Masters and Johnson estimate that fifty percent of our women have never had a deep, pulsing sexual orgasm. Siri Gian Singh Khalsa, Director of California’s Reichian Institute, puts his professional estimate at a percentage closer to eighty or ninety.
… And how many years has it been since the reader wept convulsively and despairingly?
“Hanging on in quiet desperation is the English way.”
– Pink Floyd
Stimulating our bodies at their core produces as astonishing a host of medically proven results in the areas of adrenal, circulatory, muscular, nervous and mental health …
… As do ~ just for instance ~ hugs.
When was the last time you got or gave a hug?
Not a brief, shallow, largely symbolic
touching of the other person’s shoulder blades
~ a real, prolonged, treasuring, comforting package of support, enablement and self-esteem?
In case it’s been so long that the reader has forgotten ~ here’s what they look like:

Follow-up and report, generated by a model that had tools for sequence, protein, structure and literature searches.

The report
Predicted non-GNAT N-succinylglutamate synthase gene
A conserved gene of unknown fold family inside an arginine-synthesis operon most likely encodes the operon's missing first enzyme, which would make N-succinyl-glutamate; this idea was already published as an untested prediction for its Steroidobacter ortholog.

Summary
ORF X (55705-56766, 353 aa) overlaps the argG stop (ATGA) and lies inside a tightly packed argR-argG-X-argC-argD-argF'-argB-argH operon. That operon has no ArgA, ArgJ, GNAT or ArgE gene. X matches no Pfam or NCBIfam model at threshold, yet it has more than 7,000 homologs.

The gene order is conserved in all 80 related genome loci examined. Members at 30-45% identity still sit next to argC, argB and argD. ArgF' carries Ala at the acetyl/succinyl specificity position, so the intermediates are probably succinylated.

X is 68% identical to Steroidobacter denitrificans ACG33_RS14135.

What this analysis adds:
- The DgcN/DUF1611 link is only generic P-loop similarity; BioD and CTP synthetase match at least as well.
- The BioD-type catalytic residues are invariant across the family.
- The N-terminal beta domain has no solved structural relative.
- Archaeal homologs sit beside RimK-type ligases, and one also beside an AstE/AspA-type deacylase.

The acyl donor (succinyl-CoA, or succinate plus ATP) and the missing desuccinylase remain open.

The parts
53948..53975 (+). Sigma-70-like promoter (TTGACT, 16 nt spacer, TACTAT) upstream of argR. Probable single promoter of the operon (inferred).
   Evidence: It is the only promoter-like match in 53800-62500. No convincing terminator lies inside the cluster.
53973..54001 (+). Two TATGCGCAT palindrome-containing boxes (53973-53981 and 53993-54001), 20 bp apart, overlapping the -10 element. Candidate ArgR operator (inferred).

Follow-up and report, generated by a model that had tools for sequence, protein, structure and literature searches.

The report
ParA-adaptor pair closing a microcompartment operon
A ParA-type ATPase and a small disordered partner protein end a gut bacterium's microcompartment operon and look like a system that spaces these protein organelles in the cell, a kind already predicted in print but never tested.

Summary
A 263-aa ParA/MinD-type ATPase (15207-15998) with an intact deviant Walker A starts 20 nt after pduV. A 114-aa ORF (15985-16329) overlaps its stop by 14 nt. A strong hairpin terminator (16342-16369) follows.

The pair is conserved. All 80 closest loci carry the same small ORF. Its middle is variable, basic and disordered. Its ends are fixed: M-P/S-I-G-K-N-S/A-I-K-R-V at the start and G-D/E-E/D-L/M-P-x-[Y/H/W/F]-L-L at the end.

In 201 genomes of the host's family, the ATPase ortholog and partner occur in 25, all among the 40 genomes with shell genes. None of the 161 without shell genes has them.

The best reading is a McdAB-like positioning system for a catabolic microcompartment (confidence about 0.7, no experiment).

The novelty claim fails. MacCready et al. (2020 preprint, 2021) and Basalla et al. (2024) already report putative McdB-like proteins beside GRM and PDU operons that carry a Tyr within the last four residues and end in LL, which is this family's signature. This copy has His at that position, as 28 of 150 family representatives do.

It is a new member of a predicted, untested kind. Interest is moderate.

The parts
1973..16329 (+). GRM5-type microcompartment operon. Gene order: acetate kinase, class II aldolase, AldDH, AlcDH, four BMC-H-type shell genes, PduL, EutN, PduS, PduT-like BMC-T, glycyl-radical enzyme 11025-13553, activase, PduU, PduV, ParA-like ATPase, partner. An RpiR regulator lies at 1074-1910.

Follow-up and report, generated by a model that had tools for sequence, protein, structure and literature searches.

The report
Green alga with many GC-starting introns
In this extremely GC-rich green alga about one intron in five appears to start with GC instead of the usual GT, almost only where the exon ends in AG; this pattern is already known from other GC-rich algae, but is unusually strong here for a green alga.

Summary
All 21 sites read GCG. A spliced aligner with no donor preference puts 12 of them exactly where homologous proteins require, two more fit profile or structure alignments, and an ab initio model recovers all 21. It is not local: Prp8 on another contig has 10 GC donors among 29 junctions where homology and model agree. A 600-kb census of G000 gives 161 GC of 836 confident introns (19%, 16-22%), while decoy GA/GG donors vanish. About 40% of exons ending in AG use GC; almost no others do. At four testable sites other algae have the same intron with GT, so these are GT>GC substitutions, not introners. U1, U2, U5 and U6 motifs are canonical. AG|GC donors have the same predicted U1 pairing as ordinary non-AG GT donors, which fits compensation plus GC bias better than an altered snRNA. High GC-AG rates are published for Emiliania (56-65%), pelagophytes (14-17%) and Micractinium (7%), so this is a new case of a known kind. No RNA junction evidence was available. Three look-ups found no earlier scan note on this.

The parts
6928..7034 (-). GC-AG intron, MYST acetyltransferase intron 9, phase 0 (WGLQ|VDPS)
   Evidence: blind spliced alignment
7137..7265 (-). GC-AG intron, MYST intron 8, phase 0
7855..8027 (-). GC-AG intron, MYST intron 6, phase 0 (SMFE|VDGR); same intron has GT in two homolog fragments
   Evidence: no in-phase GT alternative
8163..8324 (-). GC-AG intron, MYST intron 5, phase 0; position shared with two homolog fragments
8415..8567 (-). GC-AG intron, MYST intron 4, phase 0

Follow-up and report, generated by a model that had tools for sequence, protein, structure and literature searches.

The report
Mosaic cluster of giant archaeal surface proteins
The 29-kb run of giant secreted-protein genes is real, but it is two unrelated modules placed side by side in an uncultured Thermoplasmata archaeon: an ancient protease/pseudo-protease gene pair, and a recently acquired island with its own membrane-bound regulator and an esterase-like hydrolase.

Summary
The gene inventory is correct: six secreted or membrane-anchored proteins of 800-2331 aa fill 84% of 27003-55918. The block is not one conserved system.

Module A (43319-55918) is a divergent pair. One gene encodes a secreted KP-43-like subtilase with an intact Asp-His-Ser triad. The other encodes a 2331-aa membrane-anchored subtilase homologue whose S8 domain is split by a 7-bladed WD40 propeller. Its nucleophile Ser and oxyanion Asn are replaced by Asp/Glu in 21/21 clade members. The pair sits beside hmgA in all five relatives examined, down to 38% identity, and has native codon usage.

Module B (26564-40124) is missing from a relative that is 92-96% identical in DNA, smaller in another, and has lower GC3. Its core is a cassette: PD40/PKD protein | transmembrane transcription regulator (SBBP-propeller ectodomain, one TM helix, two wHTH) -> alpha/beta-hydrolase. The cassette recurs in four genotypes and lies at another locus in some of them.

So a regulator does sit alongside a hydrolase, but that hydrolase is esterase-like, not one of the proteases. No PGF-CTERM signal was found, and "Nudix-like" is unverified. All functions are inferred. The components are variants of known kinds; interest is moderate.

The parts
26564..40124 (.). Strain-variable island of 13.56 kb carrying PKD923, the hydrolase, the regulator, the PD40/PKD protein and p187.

We’re not happy people any more.
Happiness is essential to personal health ~ and it is essential to the maintenance of healthy societal culture as well.
This much has been acknowledged by our great thinkers for a long time
“Comedy, we may say, is society protecting itself – with a smile.”
J. B. Priestley
“A sense of humor,” wrote Hugh Sidey, “is needed armor.”
“Joy in ones heart and some laughter on one’s lips is a sign that the person down deep has a pretty good grasp of life.”
If yours foolie is e-hearing this right
once again it is those currently being castigated as everything from light-minded to insulting
~ the laughers, the jokers, the humorists in our lives ~ who actually have the better grasp of (and, as we are seeing a mountain of evidence to prove, effect upon) brass-tacks, day-to-day reality?…
“Humor is… a sense of intellectual perspective: an awareness that some things are really important, others not; and that the two kinds are most oddly jumbled in everyday affairs.”